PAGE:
Sunday, June 28, 2009

On the Necessity of Transforming (Occasionally) the Creative Non-Fiction Workshop Into Group Therapy

When I was a graduate student, one of my creative non-fiction teachers gave us a syllabus headlined with the following statement: “THIS CREATIVE NON-FICTION COURSE IS NOT GROUP THERAPY. I AM NOT A LICENSED PSYCHOLOGIST.”

At the time, I applauded such a statement.

But now, as the years have gone by, I have come to the conclusion that I was wrong. Why shouldn’t the classroom become a therapeutic space?

What artist didn’t begin creating out of an essential need? Like love?

As an adopted child, I always felt a lack. If I arranged my words in the right way, I believed, that my mother would somehow receive the message. Somehow she’d discover my words and come and save me.

In a small way, I still think that.

As the university transforms into even more of a business, and encourages that horrible word professionalism , there seems to be a greater capitalist need to alienate the personal from the university space. No one wants to say let's right a straight up memoir. We have hybrid genres called charmingly annoying things such as the lyric essay.

(Doesn’t every amazing piece of writing aim for transcendental moments? Are essayists so concerned that their work will be marginalized that they need to attach a qualifier like the lyric? Hoping that the poetic qualifier will justify their writing? Is that why they needed to attach the silly word creative to non-fiction? Out of a fear that –O! My God-someone could mistake their writing as academic, scholarly?)

With the rise of the term creative non-fiction, the memoir feels dated. Old-fashioned. This is what we seem to tell our students now. Write the personal. But. Throw in some factoids, weird typography. Fragment the essay. Give each section an annoyingly clever title. You can then boast that you created a collage.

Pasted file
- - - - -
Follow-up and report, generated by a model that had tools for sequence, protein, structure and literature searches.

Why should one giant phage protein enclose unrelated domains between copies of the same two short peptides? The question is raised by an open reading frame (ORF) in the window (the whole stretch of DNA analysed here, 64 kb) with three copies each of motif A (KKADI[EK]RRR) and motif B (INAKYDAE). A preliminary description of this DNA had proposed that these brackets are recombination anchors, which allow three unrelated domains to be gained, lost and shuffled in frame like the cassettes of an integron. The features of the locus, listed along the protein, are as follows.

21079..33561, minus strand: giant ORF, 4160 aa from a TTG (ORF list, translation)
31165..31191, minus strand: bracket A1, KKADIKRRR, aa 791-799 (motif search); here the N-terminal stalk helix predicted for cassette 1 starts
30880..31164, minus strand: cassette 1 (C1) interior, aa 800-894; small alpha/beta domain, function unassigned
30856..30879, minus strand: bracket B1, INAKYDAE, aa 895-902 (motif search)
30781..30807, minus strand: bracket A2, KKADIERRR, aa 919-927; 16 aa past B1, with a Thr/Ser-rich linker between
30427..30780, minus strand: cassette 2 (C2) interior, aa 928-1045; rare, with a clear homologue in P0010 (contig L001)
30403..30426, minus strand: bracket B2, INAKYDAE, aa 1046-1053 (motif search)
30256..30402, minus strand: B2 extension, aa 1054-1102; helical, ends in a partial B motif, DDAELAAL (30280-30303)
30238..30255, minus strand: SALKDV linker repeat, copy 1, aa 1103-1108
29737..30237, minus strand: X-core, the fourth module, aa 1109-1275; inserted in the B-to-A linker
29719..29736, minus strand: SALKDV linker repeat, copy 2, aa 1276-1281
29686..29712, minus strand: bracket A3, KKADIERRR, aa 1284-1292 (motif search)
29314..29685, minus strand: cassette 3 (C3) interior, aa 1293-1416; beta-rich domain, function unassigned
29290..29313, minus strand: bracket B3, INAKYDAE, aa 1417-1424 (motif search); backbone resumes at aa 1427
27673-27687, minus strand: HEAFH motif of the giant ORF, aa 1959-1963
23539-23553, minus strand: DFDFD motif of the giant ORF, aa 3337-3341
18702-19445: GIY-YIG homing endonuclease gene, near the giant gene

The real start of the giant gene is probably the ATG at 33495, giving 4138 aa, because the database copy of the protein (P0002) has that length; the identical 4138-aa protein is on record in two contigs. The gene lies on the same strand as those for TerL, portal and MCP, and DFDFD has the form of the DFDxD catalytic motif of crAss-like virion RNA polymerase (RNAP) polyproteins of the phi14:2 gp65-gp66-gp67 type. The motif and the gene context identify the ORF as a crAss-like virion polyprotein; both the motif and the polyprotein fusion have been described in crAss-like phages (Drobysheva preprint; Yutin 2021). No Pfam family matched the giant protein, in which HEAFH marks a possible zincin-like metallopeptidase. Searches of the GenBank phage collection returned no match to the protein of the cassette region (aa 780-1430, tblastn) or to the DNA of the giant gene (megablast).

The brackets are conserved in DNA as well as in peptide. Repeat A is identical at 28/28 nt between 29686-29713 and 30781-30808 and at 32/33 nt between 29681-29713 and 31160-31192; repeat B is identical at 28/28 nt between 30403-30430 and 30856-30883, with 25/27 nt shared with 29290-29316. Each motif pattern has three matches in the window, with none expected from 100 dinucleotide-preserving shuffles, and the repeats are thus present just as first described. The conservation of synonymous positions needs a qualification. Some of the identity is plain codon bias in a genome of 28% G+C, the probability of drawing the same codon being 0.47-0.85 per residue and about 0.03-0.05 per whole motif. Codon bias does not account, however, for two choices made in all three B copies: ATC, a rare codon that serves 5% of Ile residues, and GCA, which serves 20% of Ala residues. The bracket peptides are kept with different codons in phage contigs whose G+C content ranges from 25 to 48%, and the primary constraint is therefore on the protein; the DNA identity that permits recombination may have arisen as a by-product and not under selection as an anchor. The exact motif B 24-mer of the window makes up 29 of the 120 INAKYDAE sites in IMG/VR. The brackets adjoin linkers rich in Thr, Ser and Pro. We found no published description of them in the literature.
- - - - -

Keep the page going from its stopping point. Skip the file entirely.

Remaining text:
If anyone invokes the word collage in workshop again, I’ll go to Joseph Cornell’s grave and drive a stake through his heart.

Much to the shock of academics and some creative writing teachers, simple catharsis can produce odd, idiosyncratic details, worthy of an essay. And possibly deserving of classroom space.

Many years ago, I had a beautiful woman in my class. She wrote one of the most intriguing undergraduate essay openings. She listed all of her body parts and explained why each and every one of them were beautiful. (Even her spleen and right inner ear.) This wasn’t presented as self-flattery. She was taking an inventory, something good personal writing can do. Then based on her experience, she continued the essay with a polemic about the ways beautiful people suffer prejudice. I can still remember relishing its weird details. Finally: there was the opportunity to talk about something other than a family vacation or dead grandmother!

Disappointingly, the essay fairly quickly stopped being angry. She used a more conventional narrative to conceal her more taboo, more honest feelings. She went as far to say beauty is in the eye of the beholder, and that we're all special in our own way.